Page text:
Survival of syngeneic and allogeneic iPSC-derived neural precursors after spinal grafting in minipigs.
In this work, we showed that syngeneic neural progenitor cells, derived from reprogrammed skin fibroblasts could survive and form neurons and glia in the spinal cord of a mini-pig model in the absence of immunosuppression.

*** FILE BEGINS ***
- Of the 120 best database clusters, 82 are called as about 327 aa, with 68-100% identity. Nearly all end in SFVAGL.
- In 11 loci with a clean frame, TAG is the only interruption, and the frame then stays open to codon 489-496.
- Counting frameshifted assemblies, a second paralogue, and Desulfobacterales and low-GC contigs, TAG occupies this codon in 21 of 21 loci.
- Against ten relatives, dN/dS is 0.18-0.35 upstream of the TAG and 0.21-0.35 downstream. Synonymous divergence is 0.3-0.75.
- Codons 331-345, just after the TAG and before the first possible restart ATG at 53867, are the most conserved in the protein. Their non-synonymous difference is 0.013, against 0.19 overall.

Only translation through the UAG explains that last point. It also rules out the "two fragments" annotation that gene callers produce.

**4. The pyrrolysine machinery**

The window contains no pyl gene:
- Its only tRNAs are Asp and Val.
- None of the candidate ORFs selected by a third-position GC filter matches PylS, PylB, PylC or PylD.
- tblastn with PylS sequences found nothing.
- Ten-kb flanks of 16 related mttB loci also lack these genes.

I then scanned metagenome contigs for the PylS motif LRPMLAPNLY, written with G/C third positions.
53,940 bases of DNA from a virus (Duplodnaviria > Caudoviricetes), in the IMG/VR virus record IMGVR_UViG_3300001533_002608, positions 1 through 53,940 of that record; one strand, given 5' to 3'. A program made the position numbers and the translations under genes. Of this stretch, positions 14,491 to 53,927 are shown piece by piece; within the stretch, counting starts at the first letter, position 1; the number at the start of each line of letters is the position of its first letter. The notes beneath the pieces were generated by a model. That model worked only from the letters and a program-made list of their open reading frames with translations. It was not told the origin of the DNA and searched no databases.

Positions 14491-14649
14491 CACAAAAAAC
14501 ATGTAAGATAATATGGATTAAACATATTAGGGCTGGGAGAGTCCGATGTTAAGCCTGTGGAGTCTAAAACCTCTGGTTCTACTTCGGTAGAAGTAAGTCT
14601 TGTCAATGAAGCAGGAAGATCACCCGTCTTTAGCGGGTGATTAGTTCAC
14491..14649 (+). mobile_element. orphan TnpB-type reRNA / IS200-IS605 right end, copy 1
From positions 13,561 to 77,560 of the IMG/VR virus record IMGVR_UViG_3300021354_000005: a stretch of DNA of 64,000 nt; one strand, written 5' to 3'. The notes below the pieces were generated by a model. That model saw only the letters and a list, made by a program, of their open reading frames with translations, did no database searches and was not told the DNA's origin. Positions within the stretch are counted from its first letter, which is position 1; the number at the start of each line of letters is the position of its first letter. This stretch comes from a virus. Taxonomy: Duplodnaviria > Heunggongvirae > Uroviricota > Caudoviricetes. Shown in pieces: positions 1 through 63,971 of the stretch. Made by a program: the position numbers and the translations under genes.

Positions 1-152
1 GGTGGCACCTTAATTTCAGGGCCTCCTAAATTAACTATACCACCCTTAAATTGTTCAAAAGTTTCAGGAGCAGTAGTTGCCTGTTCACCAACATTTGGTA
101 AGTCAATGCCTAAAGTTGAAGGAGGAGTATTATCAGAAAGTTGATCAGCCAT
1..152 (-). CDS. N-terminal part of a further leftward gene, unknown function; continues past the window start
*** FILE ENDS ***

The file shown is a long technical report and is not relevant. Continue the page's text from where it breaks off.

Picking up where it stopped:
The use of autologous (or syngeneic) cells derived from induced pluripotent stem cells (iPSCs) holds great promise for future clinical use in a wide range of diseases and injuries. It is expected that cell replacement therapies using autologous cells would forego the need for immunosuppression, otherwise required in allogeneic transplantations. However, recent studies have shown the unexpected immune rejection of undifferentiated autologous mouse iPSCs after transplantation. Whether similar immunogenic properties are maintained in iPSC-derived lineage-committed cells (such as neural precursors) is relatively unknown. We demonstrate that syngeneic porcine iPSC-derived neural precursor cell (NPC) transplantation to the spinal cord in the absence of immunosuppression is associated with long-term survival and neuronal and glial differentiation. No tumor formation was noted. Similar cell engraftment and differentiation were shown in spinally injured transiently immunosuppressed swine leukocyte antigen (SLA)-mismatched allogeneic pigs. These data demonstrate that iPSC-NPCs can be grafted into syngeneic recipients in the absence of immunosuppression and that temporary immunosuppression is sufficient to induce long-term immune tolerance after NPC engraftment into spinally injured allogeneic recipients. Collectively, our results show that iPSC-NPCs represent an alternative source of transplantable NPCs for the treatment of a variety of disorders affecting the spinal cord, including trauma, ischemia, or amyotrophic lateral sclerosis.